The eight-mile section of Route 1 connecting home and work was not, as far as roads go, difficult riding. In either direction there are only a few gentle climbs, one of which overlooks Glen Cove, a postcard perfect inlet of the Penobscot Bay. Riding north to work in daylight, that sheltered slab of ocean was as beautiful as any I have seen in Maine. It never failed to catch my attention, and looking down at it I always felt like I was touring a much more distant part of the world. For at least that quarter-mile of road, I could easily have been anywhere.
The rest of my commute, however, was not so scenic. Over the course of that winter I memorized the location of and distance between every gas station, car dealership, plant nursery, steel workshop, hospital, mini-golf course, dingy oceanside motel and seafood restaurant there was on that coastline. I rode past the same fish truck parked in exactly the same spot on Route 1 more times than I could guess, and never once saw anyone pulled over buying anything. The man who owned it was always sitting in the driver’s seat, the motor running so that he wouldn’t freeze to death, I guess.
Around Halloween, gloves became an everyday necessity. By Thanksgiving I was buying clothes specifically to stay warm while riding — winter leggings, non-cotton shirts, a waterproof jacket, hats of varying styles and materials, and yet another, hopefully more effective pair of gloves. There was a point in December, following a week of dry, clear, cold but tolerable days, when I thought it would be all right. “I can keep doing this, no problem,” I told myself. It was something I would repeat many times over those next long months, never totally convinced but saying it anyway; I quickly found out how badly I’d underestimated Northeastern winters.
For three weeks in late January and early February, daytime temperatures never once rose above freezing. At night, riding home, it was often below zero degrees outside, lower depending on winds snapping in off the Atlantic. My breath froze solid on my beard. My thumbs felt like they were being driven through by nails whenever I made it indoors after the ride, either opening the restaurant or standing shivering in my kitchen back home. I worked for tips in a town of less than 3,000 year-round residents. I stayed sick, and used my days off to try and write short stories. Often I passed the same police officer who had me perform sobriety tests in front of his headlights at 3 a.m., then placed me under arrest and delivered me handcuffed to jail. We made eye contact once or twice as I pedaled by him, parked discretely off the side of Route 1, but that was all. I thought vaguely and without excitement about yelling something or making some gesture at him, but of course I never did. Somehow I knew it would have broken my spirit completely.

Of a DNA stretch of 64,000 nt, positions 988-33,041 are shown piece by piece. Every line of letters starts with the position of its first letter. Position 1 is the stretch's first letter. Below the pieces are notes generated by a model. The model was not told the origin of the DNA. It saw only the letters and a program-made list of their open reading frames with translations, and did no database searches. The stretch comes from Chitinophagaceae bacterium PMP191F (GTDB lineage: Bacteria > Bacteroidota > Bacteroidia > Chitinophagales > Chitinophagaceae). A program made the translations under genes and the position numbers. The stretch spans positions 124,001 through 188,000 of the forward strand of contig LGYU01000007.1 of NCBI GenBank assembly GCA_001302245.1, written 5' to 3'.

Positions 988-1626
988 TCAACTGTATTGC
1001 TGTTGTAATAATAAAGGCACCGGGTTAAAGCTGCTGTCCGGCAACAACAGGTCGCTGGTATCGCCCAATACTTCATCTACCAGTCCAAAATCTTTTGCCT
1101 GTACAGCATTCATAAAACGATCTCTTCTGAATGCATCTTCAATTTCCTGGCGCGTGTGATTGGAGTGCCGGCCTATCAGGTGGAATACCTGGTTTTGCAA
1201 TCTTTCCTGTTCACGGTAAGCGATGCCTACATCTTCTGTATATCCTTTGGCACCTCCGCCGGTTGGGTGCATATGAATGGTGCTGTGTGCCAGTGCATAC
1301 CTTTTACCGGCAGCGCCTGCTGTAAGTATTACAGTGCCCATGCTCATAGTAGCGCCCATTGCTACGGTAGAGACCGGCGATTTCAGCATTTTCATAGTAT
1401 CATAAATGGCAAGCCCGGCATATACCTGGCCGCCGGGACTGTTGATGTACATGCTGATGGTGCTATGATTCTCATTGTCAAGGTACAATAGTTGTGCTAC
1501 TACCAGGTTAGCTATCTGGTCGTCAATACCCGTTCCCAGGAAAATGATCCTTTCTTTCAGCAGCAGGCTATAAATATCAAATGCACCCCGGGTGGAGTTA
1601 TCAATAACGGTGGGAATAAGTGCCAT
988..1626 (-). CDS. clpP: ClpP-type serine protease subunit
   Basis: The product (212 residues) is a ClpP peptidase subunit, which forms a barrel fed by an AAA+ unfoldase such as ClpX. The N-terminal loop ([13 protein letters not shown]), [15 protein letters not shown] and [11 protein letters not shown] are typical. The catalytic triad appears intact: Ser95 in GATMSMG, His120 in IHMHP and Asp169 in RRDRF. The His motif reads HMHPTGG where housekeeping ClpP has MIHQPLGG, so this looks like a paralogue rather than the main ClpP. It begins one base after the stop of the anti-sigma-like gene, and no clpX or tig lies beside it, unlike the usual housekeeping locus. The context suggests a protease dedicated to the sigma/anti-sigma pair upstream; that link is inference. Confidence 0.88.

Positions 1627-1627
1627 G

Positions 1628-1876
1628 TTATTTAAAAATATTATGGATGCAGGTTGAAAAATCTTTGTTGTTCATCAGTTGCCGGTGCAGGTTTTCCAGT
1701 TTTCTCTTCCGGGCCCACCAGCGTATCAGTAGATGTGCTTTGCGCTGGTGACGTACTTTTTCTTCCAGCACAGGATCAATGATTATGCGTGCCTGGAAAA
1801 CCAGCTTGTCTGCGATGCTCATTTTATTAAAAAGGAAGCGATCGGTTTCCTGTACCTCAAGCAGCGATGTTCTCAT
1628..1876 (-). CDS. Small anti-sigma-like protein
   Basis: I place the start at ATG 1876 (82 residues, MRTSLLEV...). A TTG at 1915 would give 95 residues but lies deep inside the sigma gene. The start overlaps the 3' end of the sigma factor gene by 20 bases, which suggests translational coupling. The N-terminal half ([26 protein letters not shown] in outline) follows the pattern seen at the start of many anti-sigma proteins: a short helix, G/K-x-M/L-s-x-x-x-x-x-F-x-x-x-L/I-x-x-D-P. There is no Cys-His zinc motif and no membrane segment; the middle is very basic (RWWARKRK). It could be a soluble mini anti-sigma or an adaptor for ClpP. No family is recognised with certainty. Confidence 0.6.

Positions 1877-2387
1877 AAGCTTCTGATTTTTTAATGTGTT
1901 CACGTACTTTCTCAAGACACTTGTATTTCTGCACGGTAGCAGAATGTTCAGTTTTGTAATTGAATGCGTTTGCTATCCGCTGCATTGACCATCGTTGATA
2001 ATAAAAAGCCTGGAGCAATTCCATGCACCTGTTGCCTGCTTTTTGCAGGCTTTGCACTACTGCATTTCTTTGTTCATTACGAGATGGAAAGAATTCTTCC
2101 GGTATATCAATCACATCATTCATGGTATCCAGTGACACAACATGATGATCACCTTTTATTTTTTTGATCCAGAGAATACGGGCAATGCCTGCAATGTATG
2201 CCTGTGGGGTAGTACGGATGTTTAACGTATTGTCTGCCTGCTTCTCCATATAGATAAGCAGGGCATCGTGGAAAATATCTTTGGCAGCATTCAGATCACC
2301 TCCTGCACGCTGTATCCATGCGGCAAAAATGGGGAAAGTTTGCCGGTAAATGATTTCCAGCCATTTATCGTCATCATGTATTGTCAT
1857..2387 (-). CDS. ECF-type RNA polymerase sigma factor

The last thing required of me in order to get my license back was successful completion of the Maine Driver Education and Evaluation Program (DEEP). This is a weekend-long, eight-hour a day class, offered sporadically at a handful of cities throughout the state of Maine. I chose the one closest to me, about thirty miles up the coast, and rode there the first weekend in May. The class was everything you would expect it to be — alcohol-related statistics, lists of warning signs and early addiction behaviors, and videos made up of numbingly tragic footage. Completion of it depended on participation. Others were more vocal about their experiences. I volunteered my share of answers, but I didn’t mention riding my bike in the snow. It was refreshing to know that nobody in that class cared at all what I’d done. The truth is most of them had lived through a great deal worse.
Garrett Simmons lived and worked in Maine’s Midcoast region for one year. He wishes to express his gratitude to the people who still live there, for welcoming him into their community, and for giving him more stories than he could ever tell himself — he’ll do his best. He is also a former intern at Bicycle Paper.